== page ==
Don't forget to scroll down and enter the Book Give-Away!
Ok, so it's no secret that we've got some issues going on with Kristopher, and by the way I do appreciate all the comments with ideas on them. I have been thinking through some and may implement a few of them. For now, I'm doing something that will hopefully build up good character traits as well as help Kristopher to want to behave.
Here's how it works...
With Christmas coming we're going to let Kristopher buy gifts for his siblings. If you know Kristopher well, you'll know that he LOVES giving things to people. A birthday present for a friend, a toy for one of the little ones, something he made for a grandparent, doesn't matter. He LOVES to give gifts. This is one part of his heart that's in the right place ;) (ok, so there's more than just that, but we'll build on the good stuff we see!). Now, he can't buy anything without money. REAL money. But he doesn't have any, he's 4.
This is where his desire to buy his siblings gifts meets our need for a routine and regimen. Call it allowance. Call it bribing. But it is working :) During the day there are certain tasks that he knows he has to do. Get dressed. Put his PJs away in the hamper or on his bed depending on if they're to be worn again. Eat breakfast- whatever we serve without making a big fuss about it. At bedtime he needs to brush his teeth, put his clothes in the hamper, and go to bed without continuously coming out.
These are some things that he's generally good at doing but often we're hitting the attitude with them. Now if he does them with a good attitude, he will have a dime added to his 'pot'. He can also earn dimes by doing small tasks like putting a new bag in the trash can this morning or pulling the clean clothes out of the dryer. In the family room he put the little guys' toys and filled up one bin. There are two, so he had a chance to earn 2 dimes. He chose to do one and that's fine. The idea is that there are some times that he is told "you need to do this now" and some times where he's offered a choice "if you want to earn a dime I could use your help picking up the babies' toys". Regardless, he needs to have a good attitude about it and do it in a timely fashion if he is going to do it.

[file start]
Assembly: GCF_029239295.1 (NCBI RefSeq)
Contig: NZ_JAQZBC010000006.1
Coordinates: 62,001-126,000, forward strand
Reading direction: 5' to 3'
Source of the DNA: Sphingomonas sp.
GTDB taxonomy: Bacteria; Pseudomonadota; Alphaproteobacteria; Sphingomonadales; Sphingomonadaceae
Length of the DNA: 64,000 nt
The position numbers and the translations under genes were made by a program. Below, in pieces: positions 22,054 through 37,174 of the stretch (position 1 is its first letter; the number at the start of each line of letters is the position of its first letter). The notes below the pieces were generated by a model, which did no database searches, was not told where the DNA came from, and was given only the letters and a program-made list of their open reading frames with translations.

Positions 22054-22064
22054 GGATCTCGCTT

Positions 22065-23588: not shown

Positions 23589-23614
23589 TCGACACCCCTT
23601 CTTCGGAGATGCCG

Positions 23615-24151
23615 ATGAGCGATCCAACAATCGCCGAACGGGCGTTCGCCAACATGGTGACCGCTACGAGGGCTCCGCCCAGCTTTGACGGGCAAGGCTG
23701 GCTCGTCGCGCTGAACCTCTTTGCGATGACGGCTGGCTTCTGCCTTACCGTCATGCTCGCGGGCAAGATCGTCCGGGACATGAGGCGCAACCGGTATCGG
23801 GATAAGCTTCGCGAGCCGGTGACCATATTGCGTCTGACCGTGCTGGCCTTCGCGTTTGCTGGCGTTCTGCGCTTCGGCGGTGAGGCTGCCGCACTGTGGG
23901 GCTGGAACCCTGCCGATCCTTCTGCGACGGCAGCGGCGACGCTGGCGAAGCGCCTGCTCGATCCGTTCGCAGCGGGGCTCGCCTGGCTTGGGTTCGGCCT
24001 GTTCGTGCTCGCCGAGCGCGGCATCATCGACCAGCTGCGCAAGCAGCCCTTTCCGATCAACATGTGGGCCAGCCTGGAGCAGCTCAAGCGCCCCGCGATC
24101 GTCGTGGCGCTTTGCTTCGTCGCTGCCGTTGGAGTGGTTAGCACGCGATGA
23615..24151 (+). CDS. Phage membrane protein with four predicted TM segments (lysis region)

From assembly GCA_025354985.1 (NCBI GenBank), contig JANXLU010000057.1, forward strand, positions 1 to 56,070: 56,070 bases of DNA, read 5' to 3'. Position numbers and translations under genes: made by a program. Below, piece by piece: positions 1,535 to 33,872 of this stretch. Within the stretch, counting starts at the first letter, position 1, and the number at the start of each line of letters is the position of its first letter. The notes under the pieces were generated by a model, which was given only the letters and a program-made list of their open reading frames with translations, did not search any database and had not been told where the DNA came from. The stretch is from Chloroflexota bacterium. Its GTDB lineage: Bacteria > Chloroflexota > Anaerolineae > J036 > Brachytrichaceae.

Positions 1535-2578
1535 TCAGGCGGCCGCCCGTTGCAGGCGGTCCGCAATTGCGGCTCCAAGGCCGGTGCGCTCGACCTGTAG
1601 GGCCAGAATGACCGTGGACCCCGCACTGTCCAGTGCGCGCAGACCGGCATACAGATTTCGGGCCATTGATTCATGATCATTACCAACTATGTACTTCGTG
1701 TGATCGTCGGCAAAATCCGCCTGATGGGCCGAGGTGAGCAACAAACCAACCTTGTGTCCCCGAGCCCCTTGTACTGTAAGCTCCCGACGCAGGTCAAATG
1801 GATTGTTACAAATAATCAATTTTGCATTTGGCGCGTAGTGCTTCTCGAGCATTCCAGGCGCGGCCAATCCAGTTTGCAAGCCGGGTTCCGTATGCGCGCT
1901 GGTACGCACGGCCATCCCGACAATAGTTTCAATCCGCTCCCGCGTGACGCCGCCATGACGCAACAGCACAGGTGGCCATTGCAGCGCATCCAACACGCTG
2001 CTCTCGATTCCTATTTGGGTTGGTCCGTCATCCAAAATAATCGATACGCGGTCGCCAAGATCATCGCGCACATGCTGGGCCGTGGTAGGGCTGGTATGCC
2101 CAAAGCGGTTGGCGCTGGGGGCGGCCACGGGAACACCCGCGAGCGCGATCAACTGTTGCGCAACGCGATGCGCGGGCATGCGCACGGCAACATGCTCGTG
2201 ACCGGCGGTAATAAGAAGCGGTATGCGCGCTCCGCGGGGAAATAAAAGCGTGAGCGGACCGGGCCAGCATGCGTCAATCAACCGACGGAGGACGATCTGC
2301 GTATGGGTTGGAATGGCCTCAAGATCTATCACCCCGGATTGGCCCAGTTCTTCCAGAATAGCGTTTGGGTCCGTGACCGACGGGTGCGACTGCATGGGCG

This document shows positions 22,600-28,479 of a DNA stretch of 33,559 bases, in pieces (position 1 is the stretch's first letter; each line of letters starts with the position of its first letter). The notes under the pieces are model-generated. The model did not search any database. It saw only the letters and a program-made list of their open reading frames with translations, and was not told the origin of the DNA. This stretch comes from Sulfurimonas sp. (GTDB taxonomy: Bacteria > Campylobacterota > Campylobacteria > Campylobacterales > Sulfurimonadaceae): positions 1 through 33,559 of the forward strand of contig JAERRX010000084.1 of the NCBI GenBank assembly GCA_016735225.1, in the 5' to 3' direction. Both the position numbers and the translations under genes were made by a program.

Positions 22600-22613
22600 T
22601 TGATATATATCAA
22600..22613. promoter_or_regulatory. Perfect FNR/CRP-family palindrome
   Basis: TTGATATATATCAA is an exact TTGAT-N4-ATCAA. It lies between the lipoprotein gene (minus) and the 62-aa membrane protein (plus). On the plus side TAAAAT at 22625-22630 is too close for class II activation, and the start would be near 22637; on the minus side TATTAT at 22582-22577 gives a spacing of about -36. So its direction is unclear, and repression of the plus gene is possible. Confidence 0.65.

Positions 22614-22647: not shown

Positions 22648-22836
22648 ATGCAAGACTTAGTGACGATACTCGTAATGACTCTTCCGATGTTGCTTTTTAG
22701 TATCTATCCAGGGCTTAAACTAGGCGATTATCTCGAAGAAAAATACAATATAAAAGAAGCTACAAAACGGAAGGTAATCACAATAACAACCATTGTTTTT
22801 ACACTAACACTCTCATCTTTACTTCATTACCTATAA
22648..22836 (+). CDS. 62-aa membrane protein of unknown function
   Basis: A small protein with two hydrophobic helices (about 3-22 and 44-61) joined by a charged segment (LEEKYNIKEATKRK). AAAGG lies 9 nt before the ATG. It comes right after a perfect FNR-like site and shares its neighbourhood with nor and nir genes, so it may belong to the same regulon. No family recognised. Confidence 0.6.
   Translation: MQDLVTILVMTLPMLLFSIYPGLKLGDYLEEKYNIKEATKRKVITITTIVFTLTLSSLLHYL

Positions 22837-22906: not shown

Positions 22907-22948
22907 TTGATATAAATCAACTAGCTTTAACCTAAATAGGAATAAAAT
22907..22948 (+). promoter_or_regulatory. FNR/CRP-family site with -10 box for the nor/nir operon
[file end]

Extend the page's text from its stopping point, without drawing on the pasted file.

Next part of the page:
Of course I looked down the road 3 weeks when this isn't as "fun" for him anymore and I thought... He might just say "I don't want to buy ___ a present anyway" when his attitude comes back full swing. So... this is probably not a great way to teach giving... but this is what we did this time anyway... We told Kristopher that for each person he earns the money to buy a gift for he will also be given a gift from them. (And we intend to shape him until he does indeed get something for each of them, even if it's a $1 toy each because we don't want him picking who to buy for).
Oh, and I know he doesn't completely understand money and worth and all that good stuff yet, but we explained it all as if he does. We told him that 25 dimes is $2.5o and that would buy him a "big" gift for a sibling. We are going to implement the 1:1 gift rule that my parents used for the kids when I was growing up. For gifts to family members at Christmas, we pay for half. So $2.50 will give Kristopher $5 in buying power. That's what we're aiming for with him as it would mean he has to earn 75 dimes between now and shopping day. With MANY chances per day, that shouldn't be too bad. I'll be getting him a gift card with $5 on it when he's earned enough to go shopping. He LOVES carrying around a gift card and handing it to the cashier to pay for his own purchase. Makes it so much more 'real' than shopping and just adding it to Mom's stack of groceries or whatever.
I've seen a change in him today as I've offered redirection a few times when he's acted out so far. I've offered several projects throughout the day and he's done a few of them. Mostly when he was acting up. Positive channels for an energetic boy :) I also have seen less of the attitude today, though it's still reared its ugly head several times. He still receives discipline for doing things he shouldn't, like pulling toys out of Emma's hands or peeling the decals off his bed (AGAIN...). This is not taking away the fact that he's got to learn not to do the bad behaviors. This is giving him a reason to focus on the good ones and to do so respectfully!
And as I type this Emma is taking everything out of the bin he filled and throwing it all out to the side and behind her. She'll keep Kristopher in business for sure!!!